Feb. 7, 2005

Extensive brain activity while listening to speech suggests awareness in minimally conscious patients

Nicholas Schiff
Amelia Panico/Weill Cornell
Nicholas Schiff, assistant professor of neurology and neuroscience and director of the Laboratory of Cognitive Neuromodulation at Weill Cornell Medical Center. He also is assistant attending neurologist at NewYork-Presbyterian Hospital/Weill Cornell Medical Center.

NEW YORK (Feb. 7, 2005) -- For the first time, advanced neurological imaging suggests the brains of minimally conscious patients recognize and respond to speech in ways similar to healthy individuals, according to a team of researchers from Columbia University Medical Center and the Weill Medical College of Cornell University, both in New York City; and the JFK Johnson Rehabilitation Institute-Center for Head Injuries, in Edison, N.J.

"The results challenge our thinking about the possible inner lives these severely brain-damaged patients may experience, and also motivate renewed interest in research aimed at recovery and rehabilitation," said the study's senior author, Joy Hirsch, Ph.D., Professor of Neuroradiology and Psychology, and Director of the fMRI Research Center at Columbia University Medical Center.

The study is published in the February 8 issue of Neurology.

The minimally conscious state is distinct from either a persistent vegetative state or coma in that patients show intermittent signs of awareness and may even attempt to communicate using simple words or signals.

"Unfortunately, these episodes are erratic, so that most of the time caregivers and loved ones are left unable to make contact with the patient," explained study lead author Nicholas D. Schiff, M.D., Assistant Professor of Neurology and Neuroscience, and Director of the Laboratory of Cognitive Neuromodulation at Weill Cornell Medical College. Dr. Schiff is also Assistant Attending Neurologist at NewYork-Presbyterian Hospital/Weill Cornell Medical Center.

"In fact, many observers remain doubtful whether minimally conscious patients are even aware of the external world," he said.

To help shed light on that mystery, Dr. Schiff turned to the state-of-the-art functional magnetic resonance imaging (fMRI) at Dr. Hirsch's lab at Columbia. These studies, which have potentially broad implications for rehabilitation, arose from ongoing collaborations between Dr. Schiff and Joseph T. Giacino, Ph.D., Associate Director of Neuropsychology at the JFK Johnson Rehabilitation Institute.

Using fMRI -- which employs MRI scanning technology to track real-time brain function -- the team compared neurological activity in seven healthy volunteers with that of two minimally conscious patients, both young men. One of the minimally conscious subjects had experienced sudden brain hemorrhage, while the other's injuries were caused by blunt trauma to the head.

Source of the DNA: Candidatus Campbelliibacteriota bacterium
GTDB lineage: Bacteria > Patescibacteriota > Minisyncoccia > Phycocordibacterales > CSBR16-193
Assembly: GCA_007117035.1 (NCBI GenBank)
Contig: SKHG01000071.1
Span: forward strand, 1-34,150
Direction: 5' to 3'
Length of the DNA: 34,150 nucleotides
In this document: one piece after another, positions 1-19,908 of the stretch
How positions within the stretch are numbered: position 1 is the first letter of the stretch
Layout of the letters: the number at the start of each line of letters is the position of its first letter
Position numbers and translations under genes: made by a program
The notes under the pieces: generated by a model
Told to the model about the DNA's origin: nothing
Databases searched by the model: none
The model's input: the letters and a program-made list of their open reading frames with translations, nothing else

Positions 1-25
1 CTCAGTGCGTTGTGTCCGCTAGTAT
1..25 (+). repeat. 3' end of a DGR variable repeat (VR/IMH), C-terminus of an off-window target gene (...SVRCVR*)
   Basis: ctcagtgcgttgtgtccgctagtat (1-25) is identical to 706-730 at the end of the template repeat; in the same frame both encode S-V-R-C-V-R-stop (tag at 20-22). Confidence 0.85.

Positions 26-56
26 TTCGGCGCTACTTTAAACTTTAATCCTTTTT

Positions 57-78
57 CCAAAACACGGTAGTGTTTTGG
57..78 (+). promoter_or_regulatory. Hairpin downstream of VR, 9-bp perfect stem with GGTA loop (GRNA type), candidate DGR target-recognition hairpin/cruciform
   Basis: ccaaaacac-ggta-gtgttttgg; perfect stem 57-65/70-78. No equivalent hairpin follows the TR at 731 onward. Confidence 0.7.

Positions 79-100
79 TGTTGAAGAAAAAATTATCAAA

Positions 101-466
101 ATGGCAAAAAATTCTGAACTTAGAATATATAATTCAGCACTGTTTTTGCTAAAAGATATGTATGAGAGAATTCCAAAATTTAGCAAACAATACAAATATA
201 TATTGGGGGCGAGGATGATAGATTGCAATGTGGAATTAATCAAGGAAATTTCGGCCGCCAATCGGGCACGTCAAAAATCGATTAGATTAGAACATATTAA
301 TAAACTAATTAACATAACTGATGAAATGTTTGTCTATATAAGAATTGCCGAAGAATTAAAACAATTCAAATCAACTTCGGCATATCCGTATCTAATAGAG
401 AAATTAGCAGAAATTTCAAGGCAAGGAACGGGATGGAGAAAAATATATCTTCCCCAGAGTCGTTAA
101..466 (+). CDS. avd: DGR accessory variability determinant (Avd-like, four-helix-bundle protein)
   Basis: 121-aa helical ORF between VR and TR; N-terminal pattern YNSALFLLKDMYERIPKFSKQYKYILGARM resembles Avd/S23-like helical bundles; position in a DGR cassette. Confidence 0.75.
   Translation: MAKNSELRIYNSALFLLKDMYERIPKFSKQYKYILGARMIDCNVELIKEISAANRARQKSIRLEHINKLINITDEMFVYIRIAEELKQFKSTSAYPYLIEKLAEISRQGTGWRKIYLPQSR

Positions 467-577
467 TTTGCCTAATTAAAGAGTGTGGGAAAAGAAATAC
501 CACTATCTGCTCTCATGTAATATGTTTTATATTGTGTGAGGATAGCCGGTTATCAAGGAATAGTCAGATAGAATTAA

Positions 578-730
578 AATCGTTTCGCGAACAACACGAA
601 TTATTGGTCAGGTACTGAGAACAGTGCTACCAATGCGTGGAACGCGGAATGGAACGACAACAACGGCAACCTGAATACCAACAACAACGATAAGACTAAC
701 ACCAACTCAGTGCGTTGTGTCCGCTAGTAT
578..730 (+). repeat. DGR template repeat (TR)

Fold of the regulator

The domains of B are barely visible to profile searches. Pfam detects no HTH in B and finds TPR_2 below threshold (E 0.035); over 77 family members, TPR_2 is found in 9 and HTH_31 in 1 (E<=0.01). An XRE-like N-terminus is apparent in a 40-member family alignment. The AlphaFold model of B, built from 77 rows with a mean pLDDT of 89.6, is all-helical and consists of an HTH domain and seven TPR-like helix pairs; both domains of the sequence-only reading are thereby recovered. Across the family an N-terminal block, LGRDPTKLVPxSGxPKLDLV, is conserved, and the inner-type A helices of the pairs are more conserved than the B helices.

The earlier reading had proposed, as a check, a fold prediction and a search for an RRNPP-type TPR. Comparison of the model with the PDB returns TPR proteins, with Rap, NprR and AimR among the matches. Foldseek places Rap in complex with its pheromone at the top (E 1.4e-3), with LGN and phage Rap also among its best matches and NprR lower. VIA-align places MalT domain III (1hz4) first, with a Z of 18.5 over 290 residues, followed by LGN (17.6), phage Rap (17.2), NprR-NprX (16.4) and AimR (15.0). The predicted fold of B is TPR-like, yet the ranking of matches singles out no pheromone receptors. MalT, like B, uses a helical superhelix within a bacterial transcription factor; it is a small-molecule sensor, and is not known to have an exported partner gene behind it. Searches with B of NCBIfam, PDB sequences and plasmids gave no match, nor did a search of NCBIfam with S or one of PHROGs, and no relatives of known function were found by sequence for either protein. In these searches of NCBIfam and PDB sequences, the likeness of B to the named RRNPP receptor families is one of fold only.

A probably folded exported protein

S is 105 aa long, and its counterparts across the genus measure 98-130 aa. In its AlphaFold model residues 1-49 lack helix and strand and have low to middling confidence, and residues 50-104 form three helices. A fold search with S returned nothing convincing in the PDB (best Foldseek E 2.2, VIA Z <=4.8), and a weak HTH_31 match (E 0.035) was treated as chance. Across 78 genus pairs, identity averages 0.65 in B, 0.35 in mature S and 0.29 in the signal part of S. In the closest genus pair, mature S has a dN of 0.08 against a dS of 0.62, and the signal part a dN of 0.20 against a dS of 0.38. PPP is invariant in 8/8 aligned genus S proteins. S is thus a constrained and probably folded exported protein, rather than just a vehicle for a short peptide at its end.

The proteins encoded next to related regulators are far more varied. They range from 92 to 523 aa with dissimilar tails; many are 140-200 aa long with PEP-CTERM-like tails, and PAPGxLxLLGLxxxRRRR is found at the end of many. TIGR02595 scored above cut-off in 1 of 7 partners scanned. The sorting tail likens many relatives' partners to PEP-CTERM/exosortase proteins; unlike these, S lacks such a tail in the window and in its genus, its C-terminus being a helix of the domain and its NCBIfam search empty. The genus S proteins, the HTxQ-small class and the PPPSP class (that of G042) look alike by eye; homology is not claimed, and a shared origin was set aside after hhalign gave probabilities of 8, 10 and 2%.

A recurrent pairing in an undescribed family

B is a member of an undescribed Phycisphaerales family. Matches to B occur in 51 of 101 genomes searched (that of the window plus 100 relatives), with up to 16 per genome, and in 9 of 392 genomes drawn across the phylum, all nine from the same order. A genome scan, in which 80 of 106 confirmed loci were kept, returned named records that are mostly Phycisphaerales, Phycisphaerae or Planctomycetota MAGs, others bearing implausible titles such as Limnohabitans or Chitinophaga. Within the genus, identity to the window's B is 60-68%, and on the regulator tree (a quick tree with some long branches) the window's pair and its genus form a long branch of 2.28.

During the experiment, study subjects were exposed to audio of family members reading a simple narrative aloud, as researchers observed brain activity via fMRI.

"The results were a big surprise," Dr. Schiff said. "The spoken narratives appeared to activate language networks across many different regions of the brain, in both normal and brain-damaged subjects. In fact, in at least one of the minimally conscious patients we studied, all of the components that were active in healthy subjects were also active in his brain."

A second finding the researchers described as "haunting" suggests an even more personal response to speech on the part of minimally conscious subjects.

"Especially in one of the two patients, the spoken narratives appeared to activate visual areas of the brain," Dr. Hirsch said. "This happens in healthy subjects whenever language evokes visual images."

In a less encouraging finding, the researchers say the "resting activity rate" of the brains of minimally conscious patients remains very low, suggesting they lack the metabolic resources to keep specific cognitive networks running at a consistently high level. The finding could help explain the intermittent, episodic nature of awareness and communication seen in minimally conscious patients.

"Obviously, we still need to find out so much more about the neurological potential of these patients, so research building on these findings is already underway" Dr. Schiff said.

Technology is at the very heart of this research, Dr. Hirsch added. "Brain imaging can be thought of as a way of giving a real voice to the minimally conscious patient," she explained. "It's allowing us as physicians and scientists to be more aware of these patients' potential for rehabilitation."

For his part, Dr. Giacino called the findings "exciting news."

"While it's far too early to speculate as to therapies, those of us working in the rehabilitation sphere now have real evidence these severely damaged brains retain essential networks," he said. "These studies should encourage further efforts at rehabilitation to try and break these patients out of their isolation, to better understand what their capacity to experience -- and interact with -- their environment really is," he added.

This research was supported with funding from the National Cancer Institute, the Charles A. Dana Foundation, the National Institute of Neurological Disorders and Stroke, and the NIH-supported NewYork-Presbyterian/Weill Cornell General Clinical Research Center.

Co-researchers include Dr. Fred Plum and Dr. A. Kamal of Weill Cornell Medical College; Diana Rodriguez-Moreno of Weill CornellÕs Graduate School of Medical Sciences; and Dr. K.H.S. Kim of Georgetown University Medical Center (Washington, D.C.).

Ernie Mundell is a writer at Weill Cornell.